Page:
All adequate samples of tonsil. lymphoreticular samples should be sent for confirmation to the WHO reference centres. spleen and lymph node taken from confirmed vCJD cases have tested positive for PrPSc whereas negative results have been obtained in those sporadic CJD and iatrogenic cases studied. Consequently. but if multiple large samples are all negative. Limited autopsy with fixed CNS tissue only 4. Full autopsy with fixed and frozen tissue (for western blot examination) retained from CNS. Lymphoreticular tissue ‘biopsy’ post-mortem with fixed and frozen tissue retained 7.21). Some additional frozen material should always be saved for western blot examination. Brain biopsy with fixed tissue only 6. However. Expertise is required in the accurate assessment of lymphoreticular tissues to diagnose vCJD and it is suggested that such samples should be sent to one the WHO reference centres listed in Annex 5 for review. Brain biopsy with fixed and frozen tissue retained 5. Nevertheless. which is not disfiguring. However. Various lymphoreticular tissues can be utilized. Based on the published data. in cases where only brain biopsy is available. an extremely careful examination is required. Figure 9. A western blot negative for PrP will be useful to confirm a negative immunohistochemistry finding. If tonsils are not available. Limited autopsy with fixed and frozen tissue retained from CNS tissues 3. the use of this procedure in patients suspected to have vCJD is controversial and concern has been expressed regarding its potential morbidity (e. bleeding. brain biopsy in a living person is not recommended for the diagnosis of vCJD or sporadic CJD. The most common differential diagnoses in cases of suspect vCJD that have died are sporadic CJD and cerebral vasculitis. since the germinal centres of lymph nodes are small. It is to be emphasized that a lymphoid tissue positive for PrP together with the characteristic clinical symptoms and signs can only support a diagnosis of Probable vCJD. The finding of negative lymphatic tissues cannot exclude the diagnosis of vCJD.6.g. not least because most suspect cases will not have vCJD. the likelihood of vCJD is reduced. if spleen is unavailable. It is not recommended as a screening procedure. In this case multiple sampling (four to five large pieces) from different brain regions is required in order to perform an adequate histopathological evaluation. tonsil biopsy cannot be recommended as a routine diagnostic procedure in the investigation of vCJD. it is a delicate procedure that WHO recommends should be used only by experienced reference laboratories for the 58 . For some suspect cases without bilateral pulvinar high signal on MRI.22 Hierarchy for tissue diagnosis of vCJD 1. lymphoid and other tissues 2. then peripheral lymph nodes can be sampled.WHO MANUAL FOR SURVEILLANCE OF HUMAN TRANSMISSIBLE SPONGIFORM ENCEPHALOPATHIES is not accepted or cannot be performed. As stated earlier. infection and the risk of general anaesthesia). immunocytochemistry of lymphoreticular tissue samples can be used to diagnose Probable vCJD.22.6. Lymphoreticular tissue ‘biopsy’ post-mortem with fixed tissue only 9. a negative result does not exclude the diagnosis of vCJD. is suggested. post-mortem biopsy can be used as an alternative. and can rule out a false positive due to incomplete digestion of PrPC. If peripheral lymph nodes are used. the next best candidate is spleen tissue. It is emphasized that the only rationale for a brain biopsy in life remains the diagnosis of another treatable disease. Germinal centre involvement occurs in all lymphoid tissues.5 Prion protein (PrP) immunocytochemistry Immunocytochemistry for PrP is a recent. Tonsil biopsy cannot provide specific information on these or any other of the differential diagnostic possibilities for vCJD and there are insufficient current data to exclude the possibility of a false-negative or false-positive tonsil biopsy. post-mortem needle biopsy of the spleen. Other lymphoreticular tissues of vCJD patients also contain PrPSc. In countries where post-mortem examination 9.4 Suggested approaches to post-mortem examination In countries where post-mortem examination is not accepted or cannot be performed. In this situation. and a positive result has now been incorporated into the criteria for a probable case of vCJD. very useful addition to the repertoire of tools for CJD neuropathological diagnosis. multiple sampling is necessary in order to increase the chances of detecting PrP. The above results suggested that ante-mortem tonsil biopsy could be used as a diagnostic test in patients suspected to have vCJD. A hierarchy for histopathological diagnosis of vCJD is provided in Figure 9. tonsil biopsy has a role in the classification of Probable but not Definite vCJD. but is most evident in the tonsil and spleen. but tonsils are by far the best candidate due to the large number of germinal centres (Figure 9. with deposition in the germinal centers and apparently involving follicular dendritic cells and macrophages.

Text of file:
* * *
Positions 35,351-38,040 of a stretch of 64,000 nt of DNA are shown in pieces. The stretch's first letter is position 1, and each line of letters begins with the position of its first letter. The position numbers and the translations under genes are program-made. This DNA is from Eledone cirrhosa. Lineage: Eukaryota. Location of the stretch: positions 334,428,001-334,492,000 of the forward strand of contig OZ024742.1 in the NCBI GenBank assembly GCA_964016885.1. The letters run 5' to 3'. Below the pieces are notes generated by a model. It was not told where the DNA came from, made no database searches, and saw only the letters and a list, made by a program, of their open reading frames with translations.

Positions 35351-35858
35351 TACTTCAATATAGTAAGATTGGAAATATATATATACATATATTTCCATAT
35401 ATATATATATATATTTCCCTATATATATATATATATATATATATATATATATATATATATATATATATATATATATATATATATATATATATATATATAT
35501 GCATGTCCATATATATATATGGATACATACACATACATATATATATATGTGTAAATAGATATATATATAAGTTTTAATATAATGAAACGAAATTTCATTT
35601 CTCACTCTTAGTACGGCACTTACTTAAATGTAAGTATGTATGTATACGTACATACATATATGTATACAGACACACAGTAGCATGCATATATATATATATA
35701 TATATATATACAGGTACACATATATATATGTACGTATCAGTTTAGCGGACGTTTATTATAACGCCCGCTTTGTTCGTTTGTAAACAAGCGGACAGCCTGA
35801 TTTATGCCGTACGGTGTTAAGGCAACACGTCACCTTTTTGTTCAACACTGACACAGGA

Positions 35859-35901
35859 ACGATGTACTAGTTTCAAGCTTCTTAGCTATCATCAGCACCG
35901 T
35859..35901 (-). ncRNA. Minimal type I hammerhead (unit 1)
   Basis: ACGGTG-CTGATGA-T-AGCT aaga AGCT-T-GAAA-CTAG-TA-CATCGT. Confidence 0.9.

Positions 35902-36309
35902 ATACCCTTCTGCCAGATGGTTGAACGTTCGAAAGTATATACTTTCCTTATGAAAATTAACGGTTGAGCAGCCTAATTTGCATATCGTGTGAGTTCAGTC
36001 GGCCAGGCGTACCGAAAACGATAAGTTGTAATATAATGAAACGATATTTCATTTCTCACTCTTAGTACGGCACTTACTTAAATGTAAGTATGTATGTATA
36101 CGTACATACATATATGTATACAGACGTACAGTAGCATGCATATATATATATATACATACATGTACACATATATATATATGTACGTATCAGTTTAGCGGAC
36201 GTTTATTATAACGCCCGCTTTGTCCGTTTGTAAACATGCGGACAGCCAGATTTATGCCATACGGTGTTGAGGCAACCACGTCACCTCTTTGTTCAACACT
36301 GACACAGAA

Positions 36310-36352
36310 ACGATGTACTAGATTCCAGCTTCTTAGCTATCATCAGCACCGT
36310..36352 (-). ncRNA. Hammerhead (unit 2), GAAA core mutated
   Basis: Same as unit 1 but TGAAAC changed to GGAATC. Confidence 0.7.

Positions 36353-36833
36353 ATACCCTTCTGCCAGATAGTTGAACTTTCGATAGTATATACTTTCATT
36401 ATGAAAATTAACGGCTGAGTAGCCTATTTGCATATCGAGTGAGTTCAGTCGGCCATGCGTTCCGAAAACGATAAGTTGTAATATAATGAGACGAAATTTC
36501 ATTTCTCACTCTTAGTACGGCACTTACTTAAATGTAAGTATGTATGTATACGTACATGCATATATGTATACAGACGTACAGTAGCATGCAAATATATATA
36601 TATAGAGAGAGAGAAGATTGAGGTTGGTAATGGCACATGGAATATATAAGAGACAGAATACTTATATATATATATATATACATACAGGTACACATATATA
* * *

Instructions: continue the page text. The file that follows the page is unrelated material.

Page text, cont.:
the ratio of glycosylated to nonglycosylated PrP differs from sporadic CJD and is similar to experimentally transmitted BSE i. In extracts taken from the brain tissue of persons with vCJD. The brain stem is involved less frequently. but tend to be relatively constant between different regions of a given brain. In particular.CHAPTER 9. Three distinct patterns of PrP deposition are seen. The most frequent sites of plaque formation include the granular layer and. and the ratio of the three PrP glycoforms (diglycosylated. with pretreatment by hydrated autoclaving). Bell et al. 1997. progress is being made in this direction. Plaque-like PrP deposits. As PrPC is normally present. A recently developed highly sensitive immunoblot method has made possible the detection of PrP in some vCJD tissues. the central white matter and molecular layers of the cerebellum.Well defined plaques may also be seen in the basal ganglia.e. In the majority of cases. More subtle staining patterns are often seen. it is still too preliminary to be used as a routine marker in clinical settings (Figure 9. the Congo red staining disappears after formic acid treatment. usually comprising abundant tiny immunolabelled dots throughout the neuropil.. Kovacs et al. Although the use of PrP strain typing by western blot in the differential diagnosis of sporadic CJD and vCJD is promising. where immunolabelling is predominantly deposited around vacuoles. as follows: mentioned neuropathological exams. PrP deposition may be focal. The types of PrP depositions and the amount of immunoreactive PrP may vary between cases. and alcian blue stains. Congo red. in a patchy distribution. in contrast to kurutype plaques..g. usually as small to medium sized compact “kuru-type” amyloid plaques with a fringed outline. certain generalities can be made. Nevertheless. it is unlikely that there will be a blood test for vCJD in the near future. monoglycosylate and unglycosylated PrP) visible after electrophoresis on polyacrilamide gel. to a lesser extent. However. However. brainstem and cerebral cortex. More details on pretreatment and antibodies are available in the literature (e. Rare cases may require additional studies.8 Future diagnostic tests Prion protein is normally expressed in white blood cells and platelets and the possibility exists that some blood cells may express the abnormal PrP isoform in affected individuals. This raises the possibility of a blood test for CJD. Although the pattern of PrP positivity may vary. The basic procedure is as follows. — diffuse synaptic pattern. — plaque deposits. — patchy/perivacuolar type deposits. thalamus. pretreatment is required to ensure that only the pathological PrPSc is detected (e. Presence of Alzheimer-type brain amyloidosis can modify PrP deposition. are detectable only with immunocytochemistry but not with routine haematoxylin and eosin staining 9. some neurons or neurites may be outlined by granular PrP deposition. several human PrPSc types associated with different clinical phenotypes of CJD have been identified. A further refinement of this or similar methods will hopefully make possible the detection of PrP in the tissue and blood of patients manifesting or incubating the disease. Improved concentration and amplification methods coupled with the use of antibodies specific to the abnormal PrP isoform only bring hope for the future of more accurate.g. but would require an assay for PrP with a much higher degree of sensitivity than is currently available. DIAGNOSTIC TESTS FOR HUMAN TRANSMISSIBLE SPONGIFORM ENCEPHALOPATHIES present time. possible molecular classifications of CJD have been published. 9. with the occasional bigger and coarse deposits. with the diglycosylated band being most prominent. molecular biological studies or experimental transmission in animal models.7 Western blot Recently. more sensitive and simpler diagnostic techniques. 2002). hence the taking of multiple specimens from different regions of the brain is advisable. These plaques are usually also reactive to periodic acid-Schiff. some discrepancies between different laboratories have been reported. The fragment size after limited proteolysis. According to these data.23). PrP monoclonal and polyclonal antibodies are applied to paraffin sections of various tissue specimens from different regions of the brain of a suspected case. the diagnosis of ‘Definite’ CJD can be made by the one or more of the above- 59 . such as immunoblotting or electron microscopic examination of scrapieassociated fibrils (SAF). is maintained after passage in transgenic mice expressing human PrP.